Click: 2018_Vol42-No4_ASR Decolonising Indonesia Past and Present-c
In the pursuit of an “authentically Indonesian” nation-state, for decades Indonesians have denied the civil rights of fellow citizens for allegedly being less authentically Indonesian. A key to the longstanding efficacy of such exclusionary ethno-nationalism is the failure to recognise the trans-national solidarity that helped give birth to independent Indonesia.
Ariel Heryanto (2018) Decolonising Indonesia, Past and Present, Asian Studies Review, 42 (4): 607-625, DOI: 10.1080/10357823.2018.1516733
keywords Cold War, colonial, ethnonationalism, identity, Indonesia, Indonesia Calling, Left, trans-national
2013_Vol16-No3_IJCS The intimacies of cultural studies and area studies-c
Heryanto, Ariel (2013) “The Intimacies of Cultural and Area Studies”, International Journal of Cultural Studies, 16 (3): 303–316.
keywords: Area Studies, Cold War, Cultural Studies, knowledge, International Journal of Cultural Studies, Inter-Asia, internationalisation, post-Marxian
Click 2014_Vol46-No1_CAS Great and Misplaced Expectations-c
Despite the great expectations of many (including this author soon after the film’s release), TAOK has not caused a major public controversy in Indonesia. Even as the film becomes more widely available to broader segments of the population, I doubt it will radically alter political life in Indonesia or radically shift perspectives on Indonesia’s violent past.
Heryanto, Ariel (2014) “Great and Misplaced Expectations”, Critical Asian Studies, 46 (1): 162-166.
keywords: Critical Asian Studies, criticism, impacts, justice, The Act of Killing, truth
2012_Vol3-No2_ACCESS New Tradition in a Modernity-Deficit Postcolony-c
Heryanto, Ariel (2012) “New Tradition in a Modernity-Deficit Postcolony“, ACCESS Critical Perspectives on Communication, Cultural and Policy Studies, 31(2): 15-26.
keywords: ACCESS, crony capitalism, modernity, Nano Riantiarno, New Theatre, postcolony, Putu Wijaya, Rendra, tradition
2005_Vol29-No1-Jan_AI Cultural Studies’ Significant Others-c
Heryanto, Ariel (2005) “Cultural Studies’ Significant Others; the Case of Indonesia”, Antropologi Indonesia, 92 (1): 1-15.
keywords: cultural studies, humanities, political violence, Marxism, New Left, pop cultures, religious politics, social sciences
2005_Post-Authoritarian Indonesia_[with Vedi Hadiz]-c
Heryanto, Ariel and Hadiz, Vedi R. (2005) “Post-Authoritarian Indonesia: A Comparative Southeast Asian Perspective”, Critical Asian Studies, Volume 37 (2): 251-275.
post-authoritarian, Southeast Asia, Thailand, The Philippines
2002_5_MOUSSONS Can There Be Southeast Asians in Southeast Asian Studies-c
“It is Southeast Asia’s middle-class intelligentsia that pose a thorny situation for some Southeast Asianists outside Southeast Asia. They cannot be totally silenced and made mere objects of analysis, for they are neither purely ‘one of us’ (Southeast Asianists in Western centers of Southeast Asian studies) and subjected to the pressure of Western academic ethics, traditions, and industry, nor are they completely separable and distinguishable from ‘us.’”
Heryanto, Ariel (2002) “Can There be Southeast Asians in Southeast Asian Studies?”, Moussons, 5: 3-30.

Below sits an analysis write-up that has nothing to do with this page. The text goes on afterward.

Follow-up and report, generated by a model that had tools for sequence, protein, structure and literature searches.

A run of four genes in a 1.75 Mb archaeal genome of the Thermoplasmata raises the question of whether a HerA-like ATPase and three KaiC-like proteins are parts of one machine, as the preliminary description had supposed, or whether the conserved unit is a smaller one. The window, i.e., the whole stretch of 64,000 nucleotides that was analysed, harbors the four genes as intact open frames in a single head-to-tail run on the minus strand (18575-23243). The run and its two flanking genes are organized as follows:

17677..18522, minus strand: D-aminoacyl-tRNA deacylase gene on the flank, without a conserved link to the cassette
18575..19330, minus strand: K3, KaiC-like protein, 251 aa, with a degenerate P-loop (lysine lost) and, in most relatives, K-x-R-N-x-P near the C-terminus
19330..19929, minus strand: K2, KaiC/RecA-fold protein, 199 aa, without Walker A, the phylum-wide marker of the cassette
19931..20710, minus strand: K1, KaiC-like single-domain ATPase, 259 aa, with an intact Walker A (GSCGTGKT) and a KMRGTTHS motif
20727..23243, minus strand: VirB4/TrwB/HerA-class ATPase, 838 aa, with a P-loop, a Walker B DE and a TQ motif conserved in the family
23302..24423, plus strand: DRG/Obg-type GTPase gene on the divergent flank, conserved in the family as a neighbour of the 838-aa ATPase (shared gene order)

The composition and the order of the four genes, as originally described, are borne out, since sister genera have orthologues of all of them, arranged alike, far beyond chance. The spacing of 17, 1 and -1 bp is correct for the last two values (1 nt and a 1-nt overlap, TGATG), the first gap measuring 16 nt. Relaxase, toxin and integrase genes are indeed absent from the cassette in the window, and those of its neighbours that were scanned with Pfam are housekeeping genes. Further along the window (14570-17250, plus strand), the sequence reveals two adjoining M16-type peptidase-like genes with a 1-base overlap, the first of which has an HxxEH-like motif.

keywords: agency, difference, mother tongue, Moussons, national, orientalism, positions, representation, Southeast Asians, Southeast Asian Studies
Click 2001_The Industrialization of the Media in Democratizing Indonesia_[with Stanley Adi]-c
This chapter discusses why for a long time the idea of journalists as industrial employees has been denied or misrecognized by many and often opposing camps; and why such recognition has now become practically unavoidable. It also briefly examines a similar and related phenomenon with reference to other urban sections of the middle-class intelligentsia in today’s turbulent Indonesia.
Heryanto, Ariel and Adi, Stanley Y. (2001) “Industrialization of the Media in Democratizing Indonesia”, Contemporary Southeast Asia, 23(2/August): 327-355.
keywords: Contemporary Southeast Asia, democratization, Indonesia, industrialization, internet, Jakarta-Jakarta literacy, media, post-colonial, Tempo
2000_Oct-2_SEAS BULLETIN Asians Studying Asians-c
“What is Asian Studies anyway?” Is it an intellectual exercise that finds its definition primarily in its devotion to the specific object of study, rather than its inclinations towards particular set of approaches, methodologies, or strategies of learning that distinguish it from other and more conventional academic disciplines?”
“Who are Asians, or better who qualify as Asians, on what basis, for how long, and where? . . . How long a period of absence [from Asia] would disqualify her/him? Can s/he re-claim her/his eligibility by repatriation, and for how long does her/his return have last before such requalification can take effect?”
Heryanto, Ariel (2000) “Asians Studying Asians”, SEAS Bulletin, 2 (Oct): 4-7.
keywords: Asianness, Cold War, colonial, history, intelligentsia, positions, SEAS Bulletin social space, subjecthood
1999_Where Communism never dies-c
“The New Order was only one dominant author of the phantasmal narrative. The scars of the victims of the anti-Communist witchhunts and of the past leftist and populist politics are still there in the everyday lives of the diverse population. The authorial New Order is dead, but the long-haunting questions and memories of the 1965 violence live on.”
Heryanto, Ariel (1999) “Where Communism Never Dies”, International Journal of Cultural Studies, 2 (2): 147-177.
keywords: Communism, hyperobedience, New Order, popular culture, postcolonial, simulacra, state violence